The high court on Monday reversed an 11th Circuit Court of Appeals ruling that had upheld an Alabama Department of Corrections policy saying Native American inmates had to keep their hair cut short, which Native Americans argue deny them their right to religious expression.

As is often the case, the justices did not issue an opinion with its ruling, but ordered the 11th Circuit to reconsider the decision in light of its ruling last week in Holt v. Hobbs. In that case, the court ruled that the Arkansas Department of Correction could not deny a Muslim inmate’s request to grow a half-inch beard in accordance with his religious beliefs, saying the state had failed to show a compelling reason to deny the request.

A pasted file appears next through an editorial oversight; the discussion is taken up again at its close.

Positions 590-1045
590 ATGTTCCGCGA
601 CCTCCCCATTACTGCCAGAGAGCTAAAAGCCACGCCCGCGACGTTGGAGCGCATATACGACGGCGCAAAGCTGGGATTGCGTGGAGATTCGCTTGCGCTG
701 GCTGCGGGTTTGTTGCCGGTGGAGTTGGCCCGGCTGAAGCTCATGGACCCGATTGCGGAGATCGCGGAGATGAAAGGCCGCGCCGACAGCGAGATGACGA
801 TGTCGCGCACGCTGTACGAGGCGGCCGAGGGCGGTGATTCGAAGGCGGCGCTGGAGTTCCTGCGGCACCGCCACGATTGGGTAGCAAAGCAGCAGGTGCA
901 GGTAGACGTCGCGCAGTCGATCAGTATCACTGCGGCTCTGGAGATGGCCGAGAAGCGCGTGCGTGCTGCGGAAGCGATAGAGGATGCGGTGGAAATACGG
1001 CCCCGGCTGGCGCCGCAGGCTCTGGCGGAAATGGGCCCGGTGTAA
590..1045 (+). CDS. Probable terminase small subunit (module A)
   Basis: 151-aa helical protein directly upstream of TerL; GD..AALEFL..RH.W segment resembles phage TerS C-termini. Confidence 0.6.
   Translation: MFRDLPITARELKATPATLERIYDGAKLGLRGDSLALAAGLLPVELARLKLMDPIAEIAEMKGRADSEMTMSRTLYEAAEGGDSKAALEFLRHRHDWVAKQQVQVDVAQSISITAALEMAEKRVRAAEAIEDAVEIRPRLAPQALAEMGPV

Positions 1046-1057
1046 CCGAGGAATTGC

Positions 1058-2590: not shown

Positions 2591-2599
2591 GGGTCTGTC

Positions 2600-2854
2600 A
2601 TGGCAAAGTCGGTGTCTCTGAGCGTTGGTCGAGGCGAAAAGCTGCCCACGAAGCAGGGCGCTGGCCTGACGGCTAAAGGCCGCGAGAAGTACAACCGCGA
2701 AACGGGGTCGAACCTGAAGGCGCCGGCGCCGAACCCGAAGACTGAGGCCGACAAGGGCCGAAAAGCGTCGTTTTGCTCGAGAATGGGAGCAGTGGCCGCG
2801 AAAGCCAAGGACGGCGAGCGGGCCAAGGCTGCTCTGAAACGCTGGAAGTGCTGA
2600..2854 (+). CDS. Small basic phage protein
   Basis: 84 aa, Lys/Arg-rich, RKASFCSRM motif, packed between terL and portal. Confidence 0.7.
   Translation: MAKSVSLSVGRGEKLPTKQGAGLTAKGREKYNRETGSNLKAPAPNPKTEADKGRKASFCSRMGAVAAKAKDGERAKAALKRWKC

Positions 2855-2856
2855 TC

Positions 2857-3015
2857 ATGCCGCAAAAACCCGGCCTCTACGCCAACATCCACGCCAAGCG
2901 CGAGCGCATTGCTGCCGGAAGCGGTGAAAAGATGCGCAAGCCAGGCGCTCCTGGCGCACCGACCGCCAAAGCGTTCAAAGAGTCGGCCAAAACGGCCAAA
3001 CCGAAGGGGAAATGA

Bob Horton, a spokesman for ADOC, said in a statement that the decision was expected.

“Until the 11th Circuit has a hearing and offers a ruling, ADOC will continue to enforce its current policy,” the statement said.

(more…)

Former Tutwiler inmate says broken leg not treated for days

ledbetterFrom Corporate Media

BIRMINGHAM, AL –Imagine slipping and falling on a wet floor, suffering a painful fracture in your leg that requires surgery, but not receiving a diagnosis, treatment or even pain medication for more than three days. Imagine only having an ice pack to apply to that injury as it continues to swell, turning black and blue. Imagine being told you’re not “on the list” to see a doctor as your pain goes from severe to excruciating. Fifty-seven-year-old Susan Ledbetter doesn’t have to imagine an ordeal like that, she says she lived it.